DALLAS TWP. – Dallas School District teachers, students and officials can finally put more than three years of labor strife behind them as the school board approved a new teachers contract at a short meeting Sunday night in the Wycallis Elementary School.
The Dallas Education Association, the teachers union, approved the contract on Sept. 20.
The agreement, which will run until Aug. 31, 2023, ends a dispute that dates back to August 2015 and saw three strikes, court-ordered negotiations and legal maneuvering.
“I think the cloud is going to start to lift, and the kids are going to know now that they’re not going to be anxious because they’re going to know that we’re here and there’s going to be stability,” teachers union President Michael Cherinka said. “There’s going to be no threats of strikes, or nothing hanging over their heads.”
The new contract is retroactive to Sept. 1, 2015.
However, District Solicitor Vito DeLuca said there will be no retroactive payments.
“One of the issues that really started to manifest itself as the years went on was the inability of the district to really pay a large retroactivity award,” DeLuca said. “This proposal was a compromise. We have no retroactivity … and we really insured the sustainability of finances for the district by securing some concessions for the new hires.”
New teacher hires will pay a 10 percent premium share, lose an early retirement incentive and won’t have their medical insurance paid for after retirement, he added.
Current employees will pay about 6 percent of their healthcare and were offered a no premium-share option with reduced benefit levels.
Both DeLuca and Dallas Education Association President Michael Cherinka lauded mediator Bill Gross with helping make the contract a reality.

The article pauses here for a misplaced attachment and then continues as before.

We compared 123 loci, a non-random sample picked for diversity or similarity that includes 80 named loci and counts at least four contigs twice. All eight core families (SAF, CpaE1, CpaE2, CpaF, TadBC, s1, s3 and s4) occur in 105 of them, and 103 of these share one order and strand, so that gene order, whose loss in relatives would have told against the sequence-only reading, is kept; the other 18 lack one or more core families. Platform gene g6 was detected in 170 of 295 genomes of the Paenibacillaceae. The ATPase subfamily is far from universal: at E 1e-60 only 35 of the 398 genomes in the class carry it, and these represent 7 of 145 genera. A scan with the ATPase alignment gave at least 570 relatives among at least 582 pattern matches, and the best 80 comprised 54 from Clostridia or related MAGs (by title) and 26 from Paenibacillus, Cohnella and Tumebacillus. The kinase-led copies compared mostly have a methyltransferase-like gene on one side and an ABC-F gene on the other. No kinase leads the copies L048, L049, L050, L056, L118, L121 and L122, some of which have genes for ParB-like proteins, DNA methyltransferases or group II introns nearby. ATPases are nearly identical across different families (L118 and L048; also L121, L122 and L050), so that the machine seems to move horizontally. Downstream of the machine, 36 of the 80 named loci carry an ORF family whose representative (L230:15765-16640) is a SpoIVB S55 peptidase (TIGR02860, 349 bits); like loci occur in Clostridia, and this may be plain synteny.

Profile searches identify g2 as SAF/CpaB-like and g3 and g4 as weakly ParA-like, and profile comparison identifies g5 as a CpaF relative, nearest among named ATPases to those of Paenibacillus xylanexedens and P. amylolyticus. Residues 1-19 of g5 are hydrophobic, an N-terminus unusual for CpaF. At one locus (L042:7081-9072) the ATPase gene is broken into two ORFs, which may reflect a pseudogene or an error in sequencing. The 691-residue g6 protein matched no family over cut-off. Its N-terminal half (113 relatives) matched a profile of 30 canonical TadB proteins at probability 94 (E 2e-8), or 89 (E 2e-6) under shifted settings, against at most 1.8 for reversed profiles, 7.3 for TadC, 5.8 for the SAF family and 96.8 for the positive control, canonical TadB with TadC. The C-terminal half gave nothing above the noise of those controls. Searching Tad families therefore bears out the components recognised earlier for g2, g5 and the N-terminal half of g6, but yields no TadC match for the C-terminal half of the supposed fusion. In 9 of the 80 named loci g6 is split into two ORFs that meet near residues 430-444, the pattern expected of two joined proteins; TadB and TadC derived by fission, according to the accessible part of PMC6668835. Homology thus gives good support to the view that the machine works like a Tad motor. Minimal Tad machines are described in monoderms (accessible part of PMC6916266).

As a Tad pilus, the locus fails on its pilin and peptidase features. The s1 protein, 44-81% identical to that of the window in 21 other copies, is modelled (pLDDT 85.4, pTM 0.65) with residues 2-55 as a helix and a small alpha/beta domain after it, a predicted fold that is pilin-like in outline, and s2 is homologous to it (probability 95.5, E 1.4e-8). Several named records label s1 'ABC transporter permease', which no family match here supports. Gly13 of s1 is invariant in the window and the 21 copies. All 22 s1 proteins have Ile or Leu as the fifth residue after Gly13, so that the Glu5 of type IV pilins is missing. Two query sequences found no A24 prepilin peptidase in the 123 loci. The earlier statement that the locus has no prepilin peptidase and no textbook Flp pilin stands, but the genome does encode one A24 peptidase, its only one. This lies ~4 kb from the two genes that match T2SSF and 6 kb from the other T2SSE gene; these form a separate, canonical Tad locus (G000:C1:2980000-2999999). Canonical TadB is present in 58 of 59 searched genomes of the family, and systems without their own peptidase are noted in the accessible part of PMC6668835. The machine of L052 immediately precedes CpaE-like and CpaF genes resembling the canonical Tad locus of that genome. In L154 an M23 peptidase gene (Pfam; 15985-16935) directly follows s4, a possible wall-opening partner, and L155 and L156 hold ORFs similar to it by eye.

Gross was appointed by Judge William Amesbury back in August to negotiate with both sides in binding arbitration with the hopes of sealing a deal. Previously, the association and district were ordered to have daily negotiations in July after the association held a strike in June.
Cherinka said he was happy to see the two sides finally come to an agreement.
“This huge weight has been lifted,” he said. “I’m happy that we’re just going to be able to get back to focusing on teaching the kids here at Dallas and have some stability for the next five years.”
Cherinka added that not only will teachers and district board members be happy, but district students should be as well.
Both DeLuca and Cherinka said both sides have learned valuable lessons and hope they now have the tools and resources for preventing such an event from happening again.
“We really did the best that we could with what we had,” Deluca said, citing a dynamic process married with an ever-changing financial status within the district throughout the negotiations.
Cherinka said he hopes the association and district can continue having a good relationship throughout the remainder of the contract, while keeping an open line of communication between the two entities.
“To just talk and keep everybody up-to-date on what’s going on, and that’s if something to come down the pike, we would know ahead of time and we could plan for it,” he said.